This week in 1804, the Louisiana Territory transferred from French to U.S. sovereignty, with the change marked by a ceremony in St. Louis. The territory had actually changed hands before, from France to Spain and then, as late as 1800, back to France. France’s First Consul, Napoleon Bonaparte (later emperor), had planned to reestablish a French colony in North America, but he found himself short of resources, thanks to troubles at home and war with Britain (and ultimately just about everyone else). Hard up for cash, Napoleon had sold the Louisiana Territory to the U.S.’s President Thomas Jefferson. The two republican leaders’ original plan just involved the purchase of New Orleans. But in 1803, French Treasury Minister Francois Barbe-Marbois had offered the whole, vast Louisiana Territory to the American negotiators, James Monroe (later President) and Robert Livingston. They jumped at it. In fact, President Jefferson exceeded his authority by committing to the purchase without Congress’ consent, but he could not pass up the chance to double America’s possessions. Continue reading “This week in history: Louisiana Purchase”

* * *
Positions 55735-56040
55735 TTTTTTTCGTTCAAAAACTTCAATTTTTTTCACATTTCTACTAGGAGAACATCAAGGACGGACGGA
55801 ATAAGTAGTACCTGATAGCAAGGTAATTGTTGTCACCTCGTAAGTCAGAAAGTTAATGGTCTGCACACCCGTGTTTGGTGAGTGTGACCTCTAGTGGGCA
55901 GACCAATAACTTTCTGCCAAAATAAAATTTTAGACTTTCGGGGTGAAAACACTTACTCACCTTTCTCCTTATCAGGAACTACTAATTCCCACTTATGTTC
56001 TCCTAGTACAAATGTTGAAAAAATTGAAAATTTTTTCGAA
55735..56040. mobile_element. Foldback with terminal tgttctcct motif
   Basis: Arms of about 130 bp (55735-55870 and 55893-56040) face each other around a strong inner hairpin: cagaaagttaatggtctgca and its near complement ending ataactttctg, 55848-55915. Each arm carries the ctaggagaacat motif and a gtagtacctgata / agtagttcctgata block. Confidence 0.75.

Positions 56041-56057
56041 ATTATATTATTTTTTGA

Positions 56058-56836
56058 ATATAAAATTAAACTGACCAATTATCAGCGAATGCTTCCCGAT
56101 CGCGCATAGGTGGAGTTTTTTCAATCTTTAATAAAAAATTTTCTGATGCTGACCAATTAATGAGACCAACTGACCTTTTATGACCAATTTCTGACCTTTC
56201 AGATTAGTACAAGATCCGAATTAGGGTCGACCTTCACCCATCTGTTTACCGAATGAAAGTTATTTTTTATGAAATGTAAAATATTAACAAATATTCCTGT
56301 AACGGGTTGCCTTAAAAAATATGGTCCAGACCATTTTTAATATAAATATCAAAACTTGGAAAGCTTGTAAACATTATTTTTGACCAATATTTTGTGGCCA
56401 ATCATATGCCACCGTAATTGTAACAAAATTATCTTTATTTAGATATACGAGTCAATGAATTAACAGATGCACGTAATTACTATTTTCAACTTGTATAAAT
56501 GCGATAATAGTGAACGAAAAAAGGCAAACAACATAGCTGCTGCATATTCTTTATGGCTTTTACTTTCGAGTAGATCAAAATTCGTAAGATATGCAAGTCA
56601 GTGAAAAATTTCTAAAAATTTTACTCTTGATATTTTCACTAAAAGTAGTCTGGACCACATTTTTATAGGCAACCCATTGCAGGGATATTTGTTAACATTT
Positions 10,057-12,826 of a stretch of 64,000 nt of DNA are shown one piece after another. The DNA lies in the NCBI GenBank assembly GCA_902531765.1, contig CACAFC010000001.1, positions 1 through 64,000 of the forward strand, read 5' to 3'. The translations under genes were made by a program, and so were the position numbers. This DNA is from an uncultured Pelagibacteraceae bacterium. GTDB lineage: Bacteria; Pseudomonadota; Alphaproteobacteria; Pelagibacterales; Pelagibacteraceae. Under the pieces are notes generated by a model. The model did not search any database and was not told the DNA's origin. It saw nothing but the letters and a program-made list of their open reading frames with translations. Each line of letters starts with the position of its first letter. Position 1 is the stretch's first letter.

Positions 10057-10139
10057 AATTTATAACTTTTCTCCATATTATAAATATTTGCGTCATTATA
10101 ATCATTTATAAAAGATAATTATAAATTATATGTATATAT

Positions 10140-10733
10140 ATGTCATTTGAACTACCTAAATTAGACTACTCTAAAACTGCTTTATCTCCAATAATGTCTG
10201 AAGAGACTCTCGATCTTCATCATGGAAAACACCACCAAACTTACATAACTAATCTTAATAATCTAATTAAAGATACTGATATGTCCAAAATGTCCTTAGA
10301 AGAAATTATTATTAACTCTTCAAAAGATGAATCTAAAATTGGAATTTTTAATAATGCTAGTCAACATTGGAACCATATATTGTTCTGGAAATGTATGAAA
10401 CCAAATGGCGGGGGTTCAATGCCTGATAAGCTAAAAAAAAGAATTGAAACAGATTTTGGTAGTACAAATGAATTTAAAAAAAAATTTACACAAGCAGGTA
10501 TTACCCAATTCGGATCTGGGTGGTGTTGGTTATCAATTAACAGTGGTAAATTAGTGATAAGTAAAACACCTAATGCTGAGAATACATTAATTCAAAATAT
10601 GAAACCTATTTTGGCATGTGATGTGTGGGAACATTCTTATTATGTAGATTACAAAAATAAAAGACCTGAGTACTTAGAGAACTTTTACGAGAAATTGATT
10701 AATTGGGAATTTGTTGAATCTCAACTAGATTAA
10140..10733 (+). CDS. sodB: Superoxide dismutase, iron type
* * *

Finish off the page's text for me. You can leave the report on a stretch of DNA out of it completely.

The Republican Party has nominated a truly unusual candidate for President. More than any major party nominee in history, Donald Trump has spoken against the principles and policies of America’s Founding Fathers. He has opposed legal restraints on government power — laws that tie the government’s hands — which for the Founding Fathers provided the bedrock of freedom. And he has advocated open, overt religious discrimination, rejecting another of the Founding Fathers’ core values. Mr. Trump and his supporters aren’t necessarily unpatriotic. Most probably don’t realize they stand against the legacy of George Washington, John Adams, Benjamin Franklin, and the other founders. But as voters, we need to understand the Founding Fathers and the cornerstones they laid for our democracy.